I Hung Out With 20 ‘Eco-Goats’ and It Was a Blaaaaast

I Hung Out With 20 ‘Eco-Goats’ and It Was a Blaaaaast
Sustainable friend. (Photo: Saul Loeb, Getty Images)

It will likely come as no shock to you that I’m having a pretty unhappy time right now. I know I’ve got it pretty good, all things considered. But what with the global covid-19 pandemic and economic decline, the onslaught of election news, the ever-worsening existential threat of climate change, and also, uh, life stuff, this is kind of been a depressing time to be alive. But there is one thing that is keeping me going, and it, my friend, is goats.

I don’t just mean cute goat videos on YouTube or my Instagram feed (which I am also very into). I mean actual, live-and-in-person goats in the middle of Baltimore. Yesterday, I kicked it with 20 goats at a park by my house.

The park’s board elected to hire the goats because they needed to deal with overgrowth on a big grassy hill, about 0.26 hectares in size. Lawnmowers can’t handle the steepness of the slope, but the cute little four-legged workers can, so they made a deal with a goat-mowing firm known as — I kid you not — “Eco-Goats” about 90 minutes away. The project is called “Goats on the Slope,” adding an extra dose of twee to an already whimsical idea for tidying up a Baltimore city park. On Thursday, the company drove the goats over in a little trailer, and they’ll be staying at the park for up to a week, grazing until the weedy hill is trimmed short. I plan to visit every day, obviously.

This would ordinarily be the part of the blog where I write about how studies show that lawnmowers emit as much planet-warming pollution per minute as cars, how though goats emit methane, they’re far more friendly to the Earth, and how cool it is that the fuzzy friends even eat invasive weeds and other scary plants like poison ivy. Those things are true, and the world could use more goat park rangers. But also, as a sad and cooped up person who loves animals, the goats are bringing me a whole other kind of benefit.

Since the pandemic began, I’ve seen exactly one other living being most days: my partner. He is great to be around but can’t really replace being around the entire rest of the world. We both love animals but for various reasons have no pets. If you’re lucky, you may know from experience that hanging out with pets is good for the soul, medically speaking. But it turns out, you can get some of that same warm, fuzzy feeling from being around animals even if there’s a wire fence between you and them. Spending time outside around trees is also super soothing, and particularly important when we’re spending so much time indoors in front of our screens.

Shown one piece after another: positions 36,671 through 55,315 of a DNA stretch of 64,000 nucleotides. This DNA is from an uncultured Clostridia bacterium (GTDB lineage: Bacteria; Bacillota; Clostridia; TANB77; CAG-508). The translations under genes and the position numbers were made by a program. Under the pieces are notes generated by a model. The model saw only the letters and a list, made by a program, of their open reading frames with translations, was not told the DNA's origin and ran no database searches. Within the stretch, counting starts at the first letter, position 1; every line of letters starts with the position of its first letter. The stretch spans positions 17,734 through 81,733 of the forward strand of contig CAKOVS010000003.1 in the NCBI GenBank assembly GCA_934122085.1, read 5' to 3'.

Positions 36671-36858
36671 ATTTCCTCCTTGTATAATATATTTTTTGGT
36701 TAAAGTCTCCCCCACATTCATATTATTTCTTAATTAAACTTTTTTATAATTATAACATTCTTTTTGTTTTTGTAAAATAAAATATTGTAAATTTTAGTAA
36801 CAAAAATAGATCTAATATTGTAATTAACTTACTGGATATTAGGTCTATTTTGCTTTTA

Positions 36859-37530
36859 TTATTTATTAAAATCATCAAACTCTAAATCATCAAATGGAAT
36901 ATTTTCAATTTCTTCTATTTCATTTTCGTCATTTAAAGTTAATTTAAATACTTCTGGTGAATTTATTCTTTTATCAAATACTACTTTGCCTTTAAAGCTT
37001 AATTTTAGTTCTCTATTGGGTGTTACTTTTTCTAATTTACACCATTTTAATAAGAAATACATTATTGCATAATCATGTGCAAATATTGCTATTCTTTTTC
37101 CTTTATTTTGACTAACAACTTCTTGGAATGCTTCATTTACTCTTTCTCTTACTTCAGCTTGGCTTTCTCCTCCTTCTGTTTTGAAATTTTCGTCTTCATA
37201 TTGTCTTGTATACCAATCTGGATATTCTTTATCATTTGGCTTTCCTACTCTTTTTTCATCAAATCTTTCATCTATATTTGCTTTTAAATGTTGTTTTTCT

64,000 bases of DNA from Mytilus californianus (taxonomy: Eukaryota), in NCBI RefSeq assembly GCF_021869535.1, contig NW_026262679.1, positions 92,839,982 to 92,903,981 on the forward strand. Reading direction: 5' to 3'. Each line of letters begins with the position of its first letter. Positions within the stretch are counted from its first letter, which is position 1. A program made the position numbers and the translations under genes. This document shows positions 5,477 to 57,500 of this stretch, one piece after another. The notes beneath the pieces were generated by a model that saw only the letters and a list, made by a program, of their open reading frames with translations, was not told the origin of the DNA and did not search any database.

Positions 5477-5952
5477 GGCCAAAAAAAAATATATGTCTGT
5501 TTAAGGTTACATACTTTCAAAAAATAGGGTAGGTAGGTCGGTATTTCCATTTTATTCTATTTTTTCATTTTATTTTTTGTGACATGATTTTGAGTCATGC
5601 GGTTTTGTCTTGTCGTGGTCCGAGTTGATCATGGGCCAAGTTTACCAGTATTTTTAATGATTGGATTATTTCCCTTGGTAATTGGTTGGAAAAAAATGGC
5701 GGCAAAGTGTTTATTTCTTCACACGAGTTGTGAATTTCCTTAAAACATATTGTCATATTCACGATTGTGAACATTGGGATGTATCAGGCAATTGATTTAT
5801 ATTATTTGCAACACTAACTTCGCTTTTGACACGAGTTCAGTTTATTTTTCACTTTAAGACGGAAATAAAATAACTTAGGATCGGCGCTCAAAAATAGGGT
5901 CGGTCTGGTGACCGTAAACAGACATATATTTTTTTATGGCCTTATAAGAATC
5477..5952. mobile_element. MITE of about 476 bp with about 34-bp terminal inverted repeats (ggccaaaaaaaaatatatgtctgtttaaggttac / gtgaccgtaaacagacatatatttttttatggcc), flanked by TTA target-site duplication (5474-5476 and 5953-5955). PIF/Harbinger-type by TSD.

The maintenance crew is here. (Photo: Friends of Wyman Park Dell) The maintenance crew is here. (Photo: Friends of Wyman Park Dell)

I’m not alone in my joy, either. Standing by the goats’ enclosure yesterday, I was around dozens of other smiling people of all kinds. We all looked on at the fuzzy animals in awe, tickled by their simplest actions.

“This is easily the best part of my week,” I said to my partner, basking in the goats’ glow.

Cailin McGough, president of the board of Friends of Wyman Park Dell who spearheaded the park’s goat grazing program, said the response to the goats has been overwhelming. The group paid for the goat foresters through a GoFundMe campaign and were easily able to meet and surpass their goal. She said people have flocked to check out the goats since their release and local news has also been quick to pick up the story of the ruminant clean up crew.

“I think it’s because since absolutely everything has been cancelled lately, it’s been fun to have something that can actually move forward,” she said.

If I can get a little woo-woo for a second, I think it’s also because it feels really freaking good to be a part of a system that’s working. You can’t help but feel a sense of harmony: The goats get to eat, the park gets its grass mowed and weeds trimmed, the neighbourhood gets to experience joy, and people get a chance to get outside. (If there’s something bad about the goats that I’m missing, please break it to me gently.)

It’s worth noting that the park’s board had to crowdfund their goat venture. And though it costs nothing to visit the goats, Goats on a Slope is taking place in a fairly affluent and mostly white neighbourhood near a prestigious university. It sharply contrasts with a city that’s majority-Black and has chronically underfunded public services and outdoors spaces. In a just world, there would be abundant public money allocated for park management and outdoor leisure, so that all people could experience the joy of open space in cities. A herd of goats in every park, if you will.